26. The problem with Dodd Frank is that it made an effort to put the banks in a creditor position and the people in the debtor position. Banks cannot and never will be able to create money without the people since the people are the true creditors. People do physical work and create things. Corporations/banks are just fictions and cannot create anything. Banks take the peoples’ credit and covert it to Federal Reserve notes and that is why money/cash is a note. It is a debt to the people. Read Modern Money Mechanics, a publication put out by the Federal Reserve some 10 or 15 years ago, it explains it quite well. Now banks cannot survive since they have taken most of the credit from the working people.

  27. Hello Brad,
    to the best of my knowledge, consumption is the single biggest factor in determining the GDP, being about 70%. The consumer has had a stagnation in income for more than thirty years. During the years from 2008 to the present, 95% of the increase in wealth have gone to the 1%. How much of that 70% in consumption do they account for? The big multinational companies need to come to grips with the fact that the exhausted consumer and the vanishing middle class who is struggling under a burden of debt cannot serve as the engine of economic growth, and hence, their products are going to stack up in ware houses. That is what we are seeing presently, so whether you want to see it as income inequality, or as a lack of purchasing power by the consumer, until the fundamental problem of a lack of purchasing power by the consumer is addressed in a very meaningful way, our whole economy will suffer.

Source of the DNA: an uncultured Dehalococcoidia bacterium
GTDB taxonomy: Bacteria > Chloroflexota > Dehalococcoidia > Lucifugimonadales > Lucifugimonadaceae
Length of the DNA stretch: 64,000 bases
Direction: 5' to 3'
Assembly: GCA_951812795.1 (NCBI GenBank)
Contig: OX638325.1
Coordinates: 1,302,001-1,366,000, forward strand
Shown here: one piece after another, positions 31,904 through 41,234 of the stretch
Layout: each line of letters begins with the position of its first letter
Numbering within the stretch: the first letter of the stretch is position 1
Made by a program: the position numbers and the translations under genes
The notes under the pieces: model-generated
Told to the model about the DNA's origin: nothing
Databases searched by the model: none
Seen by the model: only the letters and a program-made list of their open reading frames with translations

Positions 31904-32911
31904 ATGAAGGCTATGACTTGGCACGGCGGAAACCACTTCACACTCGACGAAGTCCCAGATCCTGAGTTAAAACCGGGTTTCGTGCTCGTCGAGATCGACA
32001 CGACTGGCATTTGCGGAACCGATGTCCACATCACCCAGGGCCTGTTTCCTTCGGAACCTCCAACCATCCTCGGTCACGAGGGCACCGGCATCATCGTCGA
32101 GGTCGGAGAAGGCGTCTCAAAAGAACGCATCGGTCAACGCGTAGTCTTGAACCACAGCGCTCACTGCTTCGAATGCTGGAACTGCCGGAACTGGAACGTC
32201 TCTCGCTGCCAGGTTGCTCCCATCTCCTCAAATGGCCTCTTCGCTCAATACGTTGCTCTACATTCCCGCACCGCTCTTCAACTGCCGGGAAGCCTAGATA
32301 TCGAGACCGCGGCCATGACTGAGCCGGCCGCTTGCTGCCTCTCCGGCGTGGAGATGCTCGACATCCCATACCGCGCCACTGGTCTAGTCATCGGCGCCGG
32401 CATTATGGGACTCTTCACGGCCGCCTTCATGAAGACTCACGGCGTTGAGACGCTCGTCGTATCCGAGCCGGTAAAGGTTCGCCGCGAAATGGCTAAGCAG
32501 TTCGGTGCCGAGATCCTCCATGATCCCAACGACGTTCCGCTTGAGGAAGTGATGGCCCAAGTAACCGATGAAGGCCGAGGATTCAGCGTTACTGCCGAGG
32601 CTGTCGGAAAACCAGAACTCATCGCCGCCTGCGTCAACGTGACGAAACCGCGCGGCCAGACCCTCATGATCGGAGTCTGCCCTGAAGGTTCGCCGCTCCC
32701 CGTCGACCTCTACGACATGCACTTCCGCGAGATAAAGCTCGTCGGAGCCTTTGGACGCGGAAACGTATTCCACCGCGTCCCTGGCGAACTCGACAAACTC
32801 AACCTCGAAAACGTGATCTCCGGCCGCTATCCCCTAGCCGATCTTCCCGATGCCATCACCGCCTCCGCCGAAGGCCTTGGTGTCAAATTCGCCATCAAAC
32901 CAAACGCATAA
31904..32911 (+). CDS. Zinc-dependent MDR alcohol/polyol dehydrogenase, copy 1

28. Income inequality is certainly a problem, but it cannot be solved by legislation. Legislation, in fact, will simply mandate one bias or another, and reduce the chances of giving people opportunities to get ahead. Some people will make the effort, others will not. Laws and regulation will do nothing to compensate for human nature. They will penalize some to give unearned benefits to others. This will reduce incentives for all.

  29. I work for a prosperous American multinational company whose brands are recognized around the world. Our company has in place a multi year cost cutting project with the goal to cut a $1 billion a year from its operating costs. As a result, I have seen many of my colleagues lose their jobs due to outsourcing. For top performers, increases have barely exceeded the rate of inflation while the increase costs of benefits & taxes per paycheck often eliminates any pay increase that was given. The cost cutting has gotten so extreme that they have eliminated the garbage and recycle bins at our workstations in favor of “communal” bins with the stated goal of “cutting” back waste.